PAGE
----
The location of the entrance pupil and the effective focal length both depend, not only on the zoom of the camera, but also on the focus distance [3,8].   Reference 8 describes how to locate the entrance pupil by taking two pictures of an object at different distances, but using the same zoom and focus distance for both.  The photo with the focus on the object may also be used to calculate the image magnification m.  Reference 9 describes using the parallax method of locating the no-parallax point, which is another name for the location of the entrance pupil, commonly used in panoramic photography.  For the SX30, I made a telescoping lever from a curtain-rod and bolted the camera to it in order to determine the location of the no-parallax point.  The location of the entrance pupil is defined in [3] as:

                          E = Distance from object to the Entrance Pupil                                       (6)

where E is measured in millimetres for a particular zoom setting and the camera's focus on the object.  The measured angular resolution, in radians, may then be defined as the smallest resolvable line-pair separation on the target divided by E.  (Multiply that by 1,000,000 to get microradians.)
The effective focal length is given by [3]:

                           F = m x E                                                                                          (7)

where F and E are in millimetres.  F is used in Equation 4 to calculate angular resolution.  It is also used in the definition of F-number: N = f /D, where D is the diameter of the entrance pupil.  

Conversion to Angular Resolution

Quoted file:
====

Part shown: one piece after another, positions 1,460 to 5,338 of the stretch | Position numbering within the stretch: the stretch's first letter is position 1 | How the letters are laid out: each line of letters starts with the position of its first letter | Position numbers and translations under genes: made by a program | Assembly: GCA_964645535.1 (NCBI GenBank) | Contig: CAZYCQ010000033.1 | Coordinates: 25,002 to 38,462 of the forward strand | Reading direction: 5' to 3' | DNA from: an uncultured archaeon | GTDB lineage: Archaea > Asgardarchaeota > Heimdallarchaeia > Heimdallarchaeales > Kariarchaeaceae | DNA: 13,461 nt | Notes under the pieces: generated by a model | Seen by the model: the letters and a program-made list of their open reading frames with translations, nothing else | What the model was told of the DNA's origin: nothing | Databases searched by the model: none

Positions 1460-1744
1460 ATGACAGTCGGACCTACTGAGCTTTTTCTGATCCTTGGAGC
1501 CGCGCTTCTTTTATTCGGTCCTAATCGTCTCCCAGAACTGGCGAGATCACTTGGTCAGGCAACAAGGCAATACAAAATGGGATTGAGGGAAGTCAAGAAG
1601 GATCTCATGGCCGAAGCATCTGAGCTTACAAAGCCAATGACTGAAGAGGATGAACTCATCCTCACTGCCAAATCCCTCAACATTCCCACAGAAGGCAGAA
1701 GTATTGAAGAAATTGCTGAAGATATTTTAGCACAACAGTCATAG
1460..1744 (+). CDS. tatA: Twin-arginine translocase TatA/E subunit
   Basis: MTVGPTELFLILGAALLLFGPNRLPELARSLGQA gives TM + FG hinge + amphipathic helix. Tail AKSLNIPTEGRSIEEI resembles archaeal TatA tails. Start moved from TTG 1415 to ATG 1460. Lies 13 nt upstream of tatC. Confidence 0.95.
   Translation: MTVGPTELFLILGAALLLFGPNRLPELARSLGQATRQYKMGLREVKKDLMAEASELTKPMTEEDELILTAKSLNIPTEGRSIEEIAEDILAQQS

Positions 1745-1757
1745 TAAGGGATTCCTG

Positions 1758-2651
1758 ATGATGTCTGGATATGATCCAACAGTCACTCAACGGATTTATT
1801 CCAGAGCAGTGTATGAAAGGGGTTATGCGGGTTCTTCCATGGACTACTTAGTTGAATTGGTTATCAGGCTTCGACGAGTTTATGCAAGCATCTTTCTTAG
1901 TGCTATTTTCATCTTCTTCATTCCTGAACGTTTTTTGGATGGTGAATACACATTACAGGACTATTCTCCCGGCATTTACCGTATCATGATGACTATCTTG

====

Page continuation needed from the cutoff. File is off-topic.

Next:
Angular resolution is most useful for describing the resolution of distant objects.  The total resolution in terms of line-pairs per mm on the sensor can be converted to angular resolution of the object from the the point of view of the entrance pupil.  The angular resolution in microradians is given by:

                          TotalAngRes = 1,000,000 / ( F x TotalRes )                                             (8)

Where TotalAngRes is the angular resolution of the object in microradians
           TotalRes is the line-pair per mm resolution on the sensor.
           F is the effective focal length.

F is approximately equal to the lens focal length f only for infinite focus distance [3].  In Equation 1, the F-number N is equal to F divided by D, the diameter of the exit pupil.   In private correspondence with Jerry Jongerius of PanoHelp [3], he has confirmed that the entrance pupil diameter is the correct diameter to use for angular resolution calculations and that the resolution angles are to be measured from the location of the entrance pupil, even though both of these facts may seem counterintuitive.  It seems especially strange in the case of the Canon SX30 at full optical zoom, where the entrance pupil is approximately a metre behind the camera, although the exact location varies somewhat with focusing distance.

Which Equations to Use

To summarize, if you want to calculate object resolution, use Equations 1-5 and it is necessary to measure the image magnification, which is a simple matter.  If you want to measure  angular resolution, you will need to determine the location of the entrance pupil, using Equation 6 to determine E.  If you want to calculate angular resolution, you will also need to use Equations 7 and 8.